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16th July 2015 | Uncategorised

The Green Party outlines its budget proposals at National Economic Dialogue

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The Party would restore public services and increase capital investment ahead of cutting taxes.

 

Speaking today, Green Party leader Eamon Ryan said: “The Government has got its budget plan badly wrong.  They are at the old trick of promising both tax cuts and spending increases. They have not accounted for the cost of providing for an increasing population and they continue to slash capital spending in way that will harm us in the long run.”

 

“We believe that the budget should work towards a vision, rather than the vision be predetermined by the budget. The Government are taking too narrow a focus on how our economic strategy should be framed. They have already decided that any available revenue will be divided fifty-fifty between tax cuts and spending increases, which undermines this dialogue. “

 

“Our submission takes three approaches in providing for better public services ahead of tax cuts, leveraging greater capital investment in critical infrastructure and promoting local enterprise through reforming the local property tax (replacing it with a site value tax) and a new regional public banking system.”

 

“We also need to start accounting for our store of natural capital in setting the future direction for our country. Our economic stability will be best secured by the steering Ireland in the direction of becoming one of the most environmentally responsible countries in the world.  Such an approach should go hand in hand with a transition to a more equal and stable economy.”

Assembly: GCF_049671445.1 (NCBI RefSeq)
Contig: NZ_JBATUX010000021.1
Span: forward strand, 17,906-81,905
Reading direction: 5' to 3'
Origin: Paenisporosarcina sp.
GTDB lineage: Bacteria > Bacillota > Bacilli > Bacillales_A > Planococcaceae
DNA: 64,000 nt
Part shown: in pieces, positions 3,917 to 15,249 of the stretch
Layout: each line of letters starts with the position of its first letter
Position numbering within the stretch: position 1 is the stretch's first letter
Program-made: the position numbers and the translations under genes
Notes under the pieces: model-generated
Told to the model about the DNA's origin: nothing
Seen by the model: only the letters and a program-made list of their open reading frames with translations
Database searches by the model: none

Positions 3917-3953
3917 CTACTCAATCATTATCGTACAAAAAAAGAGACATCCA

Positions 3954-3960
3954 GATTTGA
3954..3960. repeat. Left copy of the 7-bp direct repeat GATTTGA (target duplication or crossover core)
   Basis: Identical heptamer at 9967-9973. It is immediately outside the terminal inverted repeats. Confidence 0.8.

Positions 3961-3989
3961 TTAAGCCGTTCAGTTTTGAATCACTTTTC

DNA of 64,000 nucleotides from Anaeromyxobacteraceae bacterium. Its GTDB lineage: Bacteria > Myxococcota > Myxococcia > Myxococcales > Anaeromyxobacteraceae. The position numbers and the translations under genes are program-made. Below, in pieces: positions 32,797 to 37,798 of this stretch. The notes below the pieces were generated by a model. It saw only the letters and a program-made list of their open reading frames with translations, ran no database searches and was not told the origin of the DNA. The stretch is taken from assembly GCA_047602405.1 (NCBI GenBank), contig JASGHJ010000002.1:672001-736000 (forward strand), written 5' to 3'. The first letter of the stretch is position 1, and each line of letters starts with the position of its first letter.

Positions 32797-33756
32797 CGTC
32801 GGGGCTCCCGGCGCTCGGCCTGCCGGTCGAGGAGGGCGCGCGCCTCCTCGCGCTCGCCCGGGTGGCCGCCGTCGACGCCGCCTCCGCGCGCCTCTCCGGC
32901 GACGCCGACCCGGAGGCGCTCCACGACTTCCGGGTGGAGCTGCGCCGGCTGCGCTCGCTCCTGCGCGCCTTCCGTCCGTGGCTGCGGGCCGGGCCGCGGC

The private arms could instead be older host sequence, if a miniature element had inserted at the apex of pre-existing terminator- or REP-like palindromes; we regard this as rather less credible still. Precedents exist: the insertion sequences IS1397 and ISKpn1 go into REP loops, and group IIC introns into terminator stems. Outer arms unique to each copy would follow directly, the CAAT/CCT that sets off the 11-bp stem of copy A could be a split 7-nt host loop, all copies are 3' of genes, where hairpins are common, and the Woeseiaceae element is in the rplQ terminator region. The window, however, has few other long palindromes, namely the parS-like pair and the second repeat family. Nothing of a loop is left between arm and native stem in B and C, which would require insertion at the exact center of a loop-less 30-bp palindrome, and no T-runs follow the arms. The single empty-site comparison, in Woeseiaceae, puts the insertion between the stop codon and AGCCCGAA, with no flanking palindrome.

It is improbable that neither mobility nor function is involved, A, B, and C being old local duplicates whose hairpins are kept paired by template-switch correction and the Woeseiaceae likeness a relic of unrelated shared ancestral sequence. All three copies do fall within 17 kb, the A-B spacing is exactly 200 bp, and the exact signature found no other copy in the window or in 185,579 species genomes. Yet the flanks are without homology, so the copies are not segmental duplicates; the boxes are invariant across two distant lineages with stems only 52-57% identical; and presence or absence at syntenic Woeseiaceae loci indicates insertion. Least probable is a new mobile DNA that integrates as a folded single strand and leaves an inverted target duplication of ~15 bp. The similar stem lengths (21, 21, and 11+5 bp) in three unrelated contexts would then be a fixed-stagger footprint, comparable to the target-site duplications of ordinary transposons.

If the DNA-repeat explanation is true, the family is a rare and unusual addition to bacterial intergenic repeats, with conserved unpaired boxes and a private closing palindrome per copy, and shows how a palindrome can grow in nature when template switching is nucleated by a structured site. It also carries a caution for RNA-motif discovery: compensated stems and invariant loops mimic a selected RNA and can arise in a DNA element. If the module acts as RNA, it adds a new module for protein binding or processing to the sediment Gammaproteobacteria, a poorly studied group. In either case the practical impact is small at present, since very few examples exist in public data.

Summary of main submission points:

 

Expenditure

€ million

Education

350

Public Transport

150

Health

400

Welfare Spending

200

Public Sector Pay

300

Overseas Development Aid

100

 

Total: 1500

 

BETTER PUBLIC SERVICES AHEAD OF TAX CUTS

 

  • The Five year plan presented by the Government envisages an ongoing reduction in public spending as a percentage of GDP.  We agree with the Fiscal Advisory council that the Government has underestimated the demographic pressures on expenditure in key services. 
  • The Green Party would allocate €1.5 billion additional spending in the 2016 budget in support of better education, health, transport, and social welfare services as well as allowing for a rise in public sector pay and a reversal of recent cuts in lone parents allowance and overseas development aid. 

 

ADDITIONAL CAPITAL INVESTMENT IN HOUSING, ENERGY AND WATER SERVICES

 

  • The further reductions in Capital expenditure planned by the Government will undermine the productive capability of the economic as critical bottlenecks in housing, energy, transport and water infrastructure arise. 
  • The cost of long term financing has never been lower and we agree with the representatives of the business community who emphasis the need for investment in such long term assets for the state.
  • Similar ‘off balance sheet’ investments are possible in the provision of water infrastructure and the energy retrofitting of buildings, which can be leveraged  with European investment funds where we can show that the pricing policy adopted allows us meet long term environmental objectives.

 

PROMOTING A NEW LOCAL ENTERPRISE ECONOMY

 

  • The introduction of a new public banking model can assist new small to medium sized businesses, especially in rural Ireland. The Banks would be not for profit professional lending institutions working on a regional basis with a central office providing management information systems. 
  • Deposits raised in a region would be lent out in that region.  Commercial loans which would be larger than those traditionally given by credit unions but smaller than those from Commercial or investment banks.
  • We advocate the introduction of a site value tax system instead of the local property tax where revenues would revert directly to local authorities and involve a reduction in commercial rates which impede local enterprise.

 

The Green Party’s full submission is available on their website, here.